Film versions of Carlo Collodi’s iconic 1883 children’s novel are almost as old as cinema itself. Disney’s 1940 version notwithstanding, the first film adaptation dates from 1911, while the fable of an artificial boy who yearns to become ‘real’ has inspired countless science fiction films and TV. Italian director Matteo Garrone is now the latest to take the reins of Pinocchio.
Pinocchio’s iconography is so firmly embedded in our collective cultural memory that it’s easy to forget just what a strange story it is: in the modern cultural milieu dolls that come to life are more likely to wreak havoc than warm the hearts of lonely carpenters, while kidnappers who transform little boys into donkeys is pure fairy-tale horror. Pinocchio himself is brought to life with marionette uncanniness through Mark Coulier’s astonishing practical effects.
It’s often said that no matter how good digital rendering becomes, human CGI characters always lack that essentially vital spark behind the eyes. The opposite is true of Pinocchio: his face is a wooden simulacrum framing the vitality of real human eyes. The effect is as purposely unsettling as any CGI counterpart. Our subtle discomfort at his animism is underlined by an impish performance from Federico Ielapi that has us rooting, more often than not, for the disobedient little sod to get his comeuppance.
Coulier’s make up is at the centre of an enchanting aesthetic that captures the sentimentality and strangeness of Collodi’s novel without relying on showstopping set pieces. The result is an almost made-for-TV feel that gives space for the imaginative magic of the audience over epic CGI to lifelessly fill in the blanks. Pinocchio’s fairy-tale rural Italy is full of wonder, anthropomorphic creatures, benign spirits and malign adults; there’s a talking cricket, minus the Jiminy, while Fox and Cat are gross humanoid hucksters. It has to be said that the ethics of this morality tale are a little dubious. The travelling puppet master Mangiafuoco (Gigi Proietti) borders on antisemitic caricature, while the story – with the exception of one dyspnoeic tuna fish – is uninterested in the terrible fates of most of Pinocchio’s hapless companions.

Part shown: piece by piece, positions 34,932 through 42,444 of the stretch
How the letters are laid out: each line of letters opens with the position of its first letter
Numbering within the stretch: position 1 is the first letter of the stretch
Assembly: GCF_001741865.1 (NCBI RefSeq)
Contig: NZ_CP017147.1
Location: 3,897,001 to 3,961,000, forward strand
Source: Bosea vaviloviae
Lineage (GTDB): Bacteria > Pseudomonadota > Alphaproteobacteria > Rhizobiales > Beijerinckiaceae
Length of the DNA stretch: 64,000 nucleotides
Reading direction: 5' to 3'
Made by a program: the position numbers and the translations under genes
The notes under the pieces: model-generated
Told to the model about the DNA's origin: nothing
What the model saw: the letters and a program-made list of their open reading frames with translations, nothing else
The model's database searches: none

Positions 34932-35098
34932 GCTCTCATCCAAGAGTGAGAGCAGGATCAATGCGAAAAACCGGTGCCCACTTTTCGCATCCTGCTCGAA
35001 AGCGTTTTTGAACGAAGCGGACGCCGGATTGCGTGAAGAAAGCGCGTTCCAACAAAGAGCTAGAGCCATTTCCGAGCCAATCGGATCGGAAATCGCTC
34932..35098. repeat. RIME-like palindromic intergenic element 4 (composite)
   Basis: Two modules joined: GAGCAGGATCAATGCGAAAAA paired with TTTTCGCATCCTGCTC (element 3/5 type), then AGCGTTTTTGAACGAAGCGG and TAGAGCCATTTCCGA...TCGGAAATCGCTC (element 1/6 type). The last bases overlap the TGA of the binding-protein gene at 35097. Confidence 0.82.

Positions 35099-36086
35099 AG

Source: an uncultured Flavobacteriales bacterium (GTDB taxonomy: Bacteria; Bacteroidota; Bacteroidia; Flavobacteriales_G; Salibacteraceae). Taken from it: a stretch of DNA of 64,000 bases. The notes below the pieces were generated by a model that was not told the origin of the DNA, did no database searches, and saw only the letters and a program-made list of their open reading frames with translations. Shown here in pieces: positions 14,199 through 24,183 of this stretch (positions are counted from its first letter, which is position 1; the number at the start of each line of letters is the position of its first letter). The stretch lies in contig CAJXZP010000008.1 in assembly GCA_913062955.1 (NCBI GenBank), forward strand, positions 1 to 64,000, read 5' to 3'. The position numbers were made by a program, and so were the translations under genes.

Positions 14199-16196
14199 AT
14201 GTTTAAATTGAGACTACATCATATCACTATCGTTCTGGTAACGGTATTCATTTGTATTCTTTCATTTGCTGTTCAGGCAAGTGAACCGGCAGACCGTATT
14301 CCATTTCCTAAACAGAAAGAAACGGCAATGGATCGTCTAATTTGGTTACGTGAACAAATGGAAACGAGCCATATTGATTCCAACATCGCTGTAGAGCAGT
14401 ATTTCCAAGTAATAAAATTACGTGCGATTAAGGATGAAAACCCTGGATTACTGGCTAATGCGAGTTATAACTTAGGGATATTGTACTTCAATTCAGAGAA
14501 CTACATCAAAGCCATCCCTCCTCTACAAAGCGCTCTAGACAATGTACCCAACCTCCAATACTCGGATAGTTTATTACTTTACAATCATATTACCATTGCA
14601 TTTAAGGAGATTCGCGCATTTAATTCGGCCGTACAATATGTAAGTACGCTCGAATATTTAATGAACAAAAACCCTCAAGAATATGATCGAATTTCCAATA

The most important of these, of course, is Geppetto, played with childlike wonder by Italian screen stalwart Roberto Benigni. It’s hard to imagine better casting for the preeminent godfather of starry-eyed sentiment. There’s a certain amount of dramatic irony in this, knowing that Benigni played the puppet in his poorly-received 2002 version of Pinocchio. Early on, Garrone shoots at a high angle, looking down on Geppetto as he gazes in wonder at at Mangiafuoco’s marionettes.
In suggesting Geppetto’s own boyishness, Pinocchio becomes a manifestation of Geppetto’s inner-child. One wonders if there was an early version of the film that focussed more on Geppetto’s journey. Unfortunately, Garrone’s reverance for the source material is where Pinocchio falls short. There’s little here to surprise anyone with a passing familiarity with the story, and its creepiest elements sometimes feel neutered. It may be heresy, but the body-horror of the Land of Toys and sublime terror of the whale were imagined far more viscerally in the Disney version.
Christopher Machell | @MachellFilm